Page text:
Absolutely fashion: Inside British Vogue had such promise. The two-part BBC documentary would voyage behind the scenes to reveal the inner workings of the major, iconic, fashion publication, providing viewers with unprecedented access to Vogue HQ.
For nine months, Alexandra Shulman, now outgoing Editor-in-Chief, allowed filmmaker, Richard Macer, to follow her and her fellow staffers as they prepared for the magazine’s 100th year in issue. He featured interviews with Fashion Director, Lucinda Chambers, and Editor-At-Large, Fiona Golfar, both of whom had invited Macer to accompany them on photoshoots with the likes of Kate Moss and Edie Campbell. He also captured scenes of Shulman visiting designer and friend, Victoria Beckham, at her showroom as she talked her through her latest collection, and clips of Lagerfeld, Kim Kardashian and beauty-preneur, Charlotte Tilbury, among many other industry and pop culture icons.
Yet despite all the star power, the film fell flat. As a self-professed fashion-lover with a passion for writing, I thought that I would be enthralled. But as Macer toured the office asking the Vogue team terribly simplistic questions, demonstrating very little understanding and respect for his subject matter, I quickly grew disappointed. This followed an indirect confession that he had done next to no research, having bought his first ever copy of the magazine less than 24 hours prior to filming.
It wasn’t until I later read Shulman’s accounts in the beautifully written, Inside Vogue: My diary of Vogue’s 100th year, I realised that she too felt betrayed as she learnt that Macer, struggling for a captivating narrative, purposely changed the documentary’s intent. What could and should have been an insightful look into the day-to-day running of an incredibly reputable British business became the story of a clueless man who enters the world of Vogue knowing absolutely (nothing about) fashion.
His observations are rudimentary and articulated in a mocking and derisive tone with a hint of misogyny. Firstly, he is surprised that one of the staffers has a degree from Cambridge University because beauty and academia are mutually exclusive.
Instead of commenting on the brand’s culture, the heritage and how the magazine has evolved over the past ten decades, he remarks how odd it is to be one of only a handful of men around, with no reference to the fact that the most senior of positions at parent organisation, Condé Nast, are still governed by a body of male-only Executives.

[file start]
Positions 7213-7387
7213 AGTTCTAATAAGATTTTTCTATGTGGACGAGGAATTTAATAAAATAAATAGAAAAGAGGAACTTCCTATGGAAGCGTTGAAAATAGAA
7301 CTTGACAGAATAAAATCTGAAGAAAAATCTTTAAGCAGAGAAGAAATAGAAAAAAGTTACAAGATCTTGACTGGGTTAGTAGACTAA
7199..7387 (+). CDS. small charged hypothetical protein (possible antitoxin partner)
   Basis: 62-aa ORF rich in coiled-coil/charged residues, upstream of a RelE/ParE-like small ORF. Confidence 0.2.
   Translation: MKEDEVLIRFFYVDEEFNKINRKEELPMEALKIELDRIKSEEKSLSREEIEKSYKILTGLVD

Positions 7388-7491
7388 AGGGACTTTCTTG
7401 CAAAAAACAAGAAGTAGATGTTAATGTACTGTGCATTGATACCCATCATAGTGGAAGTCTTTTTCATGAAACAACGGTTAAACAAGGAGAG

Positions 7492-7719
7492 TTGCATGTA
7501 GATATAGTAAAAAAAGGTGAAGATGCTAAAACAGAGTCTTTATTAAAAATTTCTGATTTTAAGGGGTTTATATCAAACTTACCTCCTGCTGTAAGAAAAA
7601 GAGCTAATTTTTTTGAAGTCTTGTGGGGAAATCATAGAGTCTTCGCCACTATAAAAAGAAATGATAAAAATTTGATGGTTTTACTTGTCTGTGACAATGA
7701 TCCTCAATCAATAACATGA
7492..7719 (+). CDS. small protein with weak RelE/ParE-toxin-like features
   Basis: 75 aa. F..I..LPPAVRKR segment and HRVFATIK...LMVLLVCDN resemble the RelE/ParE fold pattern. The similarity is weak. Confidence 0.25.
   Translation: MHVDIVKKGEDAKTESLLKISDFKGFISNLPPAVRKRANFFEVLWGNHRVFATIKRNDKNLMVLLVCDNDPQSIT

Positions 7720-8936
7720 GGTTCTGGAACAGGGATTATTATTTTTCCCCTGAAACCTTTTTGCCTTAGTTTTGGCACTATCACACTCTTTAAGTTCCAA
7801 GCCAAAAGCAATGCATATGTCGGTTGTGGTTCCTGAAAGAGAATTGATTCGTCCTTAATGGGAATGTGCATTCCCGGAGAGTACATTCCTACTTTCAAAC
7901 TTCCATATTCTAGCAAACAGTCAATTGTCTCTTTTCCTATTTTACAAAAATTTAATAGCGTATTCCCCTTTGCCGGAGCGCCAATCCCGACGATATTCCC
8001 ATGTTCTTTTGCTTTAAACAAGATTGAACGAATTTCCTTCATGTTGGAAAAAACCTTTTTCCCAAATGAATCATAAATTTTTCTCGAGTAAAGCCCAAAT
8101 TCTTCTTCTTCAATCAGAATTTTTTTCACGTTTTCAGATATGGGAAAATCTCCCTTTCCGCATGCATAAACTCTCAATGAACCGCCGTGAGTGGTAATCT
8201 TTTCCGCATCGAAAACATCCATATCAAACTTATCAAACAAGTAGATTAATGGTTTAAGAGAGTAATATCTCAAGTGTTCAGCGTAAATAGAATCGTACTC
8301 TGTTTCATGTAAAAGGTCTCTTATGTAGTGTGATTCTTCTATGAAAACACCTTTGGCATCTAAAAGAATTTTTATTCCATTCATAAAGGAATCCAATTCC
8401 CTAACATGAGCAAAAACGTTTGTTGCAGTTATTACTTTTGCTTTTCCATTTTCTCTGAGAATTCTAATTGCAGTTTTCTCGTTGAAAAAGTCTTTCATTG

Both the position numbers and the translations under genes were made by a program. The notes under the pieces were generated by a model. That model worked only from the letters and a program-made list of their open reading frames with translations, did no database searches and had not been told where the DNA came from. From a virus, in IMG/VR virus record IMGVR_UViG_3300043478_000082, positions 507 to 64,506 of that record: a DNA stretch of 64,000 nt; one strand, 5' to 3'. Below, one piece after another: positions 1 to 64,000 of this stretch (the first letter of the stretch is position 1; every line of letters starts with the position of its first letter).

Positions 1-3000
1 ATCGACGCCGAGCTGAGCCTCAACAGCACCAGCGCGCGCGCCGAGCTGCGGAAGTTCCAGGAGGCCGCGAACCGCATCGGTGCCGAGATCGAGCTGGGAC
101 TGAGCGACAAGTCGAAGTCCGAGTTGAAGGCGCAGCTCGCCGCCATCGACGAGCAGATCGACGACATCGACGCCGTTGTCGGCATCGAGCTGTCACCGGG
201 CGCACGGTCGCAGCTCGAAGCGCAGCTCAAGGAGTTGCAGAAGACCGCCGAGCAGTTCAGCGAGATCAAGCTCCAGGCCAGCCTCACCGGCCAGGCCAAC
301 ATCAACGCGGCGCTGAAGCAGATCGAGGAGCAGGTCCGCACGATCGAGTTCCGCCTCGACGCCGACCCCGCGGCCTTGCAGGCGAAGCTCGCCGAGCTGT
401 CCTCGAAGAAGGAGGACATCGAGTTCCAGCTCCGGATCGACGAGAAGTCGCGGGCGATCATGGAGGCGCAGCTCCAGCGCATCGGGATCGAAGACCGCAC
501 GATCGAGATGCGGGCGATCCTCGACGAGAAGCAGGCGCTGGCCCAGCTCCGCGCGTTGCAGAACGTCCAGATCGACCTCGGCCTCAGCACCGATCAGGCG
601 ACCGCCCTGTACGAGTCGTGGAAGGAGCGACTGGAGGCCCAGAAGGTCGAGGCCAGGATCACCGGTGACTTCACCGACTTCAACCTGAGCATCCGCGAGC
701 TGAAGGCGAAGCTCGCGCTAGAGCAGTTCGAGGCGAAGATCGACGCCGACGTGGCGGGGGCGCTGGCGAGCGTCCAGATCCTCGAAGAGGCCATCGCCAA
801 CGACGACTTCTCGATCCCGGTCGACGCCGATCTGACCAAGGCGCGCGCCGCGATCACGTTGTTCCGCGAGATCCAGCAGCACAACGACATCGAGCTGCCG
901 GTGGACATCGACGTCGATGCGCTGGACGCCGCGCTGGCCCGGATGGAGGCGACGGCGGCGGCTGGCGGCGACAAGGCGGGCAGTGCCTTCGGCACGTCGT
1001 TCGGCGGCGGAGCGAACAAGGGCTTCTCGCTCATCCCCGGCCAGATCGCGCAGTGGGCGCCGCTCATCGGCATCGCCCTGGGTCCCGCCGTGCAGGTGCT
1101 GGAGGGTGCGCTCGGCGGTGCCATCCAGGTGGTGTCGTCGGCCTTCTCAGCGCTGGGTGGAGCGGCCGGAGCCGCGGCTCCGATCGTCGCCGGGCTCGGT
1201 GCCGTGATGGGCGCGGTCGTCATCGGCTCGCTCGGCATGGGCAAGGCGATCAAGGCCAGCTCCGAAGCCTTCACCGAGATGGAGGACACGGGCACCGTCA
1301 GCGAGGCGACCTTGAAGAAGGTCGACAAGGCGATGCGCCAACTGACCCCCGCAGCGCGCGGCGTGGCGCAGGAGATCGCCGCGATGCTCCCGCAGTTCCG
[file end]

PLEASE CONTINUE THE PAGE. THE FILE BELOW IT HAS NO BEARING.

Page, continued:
Then, there are so many pauses and awkward silences in the interactions between himself and Shulman, and Shulman and her team. The film technique makes her appear cold, aloof and stern. Macer, inspired by the heartless Miranda Priestley of the Devil Wears Prada, fashion editor archetype edits to create version 2.0, which is frankly obvious and unimaginative.
In reading Shulman’s journal, she truly does come across as more likeable. I don’t pity her jetsetter lifestyle but I do have empathy where she expresses self-doubt and questions her decisions as she organises the centenary celebrations. Between running the Vogue Festival, an exhibition at the National Portrait Gallery and the search for an appropriate cover-star for the commemorative issue, she admits that she suffers from anxiety, which writing alleviates, and finds the experience of being filmed “extremely unnerving”.
But Shulman is sharp and shrewd. The real story transpires when she dupes Richard Macer with a fake, commemorative cover. He attends meetings where she selects from two, both of a typographic style. She picks the white and silver one. It is simple and clean with no imagery but the number 100 printed in large letters under the Vogue name. It’s a sleek ruse. What Macer doesn’t know is that Kate Middleton, The Duchess of Cambridge had agreed to be photographed for it months earlier. Although, few members of the Vogue office knew either. It was a secret, and upon speculation, Shulman’s assistant is instructed to say anything to dampen the rumours.
Later, Macer stands together with Shulman and Creative Director, Jamie Perlman. They are staging another misleading discussion with a false running order for the magazine and a placeholder story. Shulman expresses guilt for the deceit in her diary entries, “Constantly there [was] a split screen in my emotions, an awareness of what is good for the documentary and what is good for me”. As a journalist, she understands the frustration and the pit-in-your-stomach feeling of missing the scoop, but a leak from the BBC on a royal’s involvement with the magazine’s centenary issue would affect sales. It would ruin the element of surprise on newsstands. Telling the truth would be bad for business.
The duplicitous nature of the world of journalism is what makes Shulman’s recount of events much more exciting than the documentary. Yes she hides the bare bones of a gripping story from Macer’s view but he is dishonest about the style in which she and the magazine are going to be cinematically represented.
The book is far more intimate, more detailed and emotive and such a compelling read. I wouldn’t bother with Macer’s Ab Fab Vogue filmic water down. Inside Vogue: My diary of Vogue’s 100th year portrays fashion, glamour and media ironically authentically.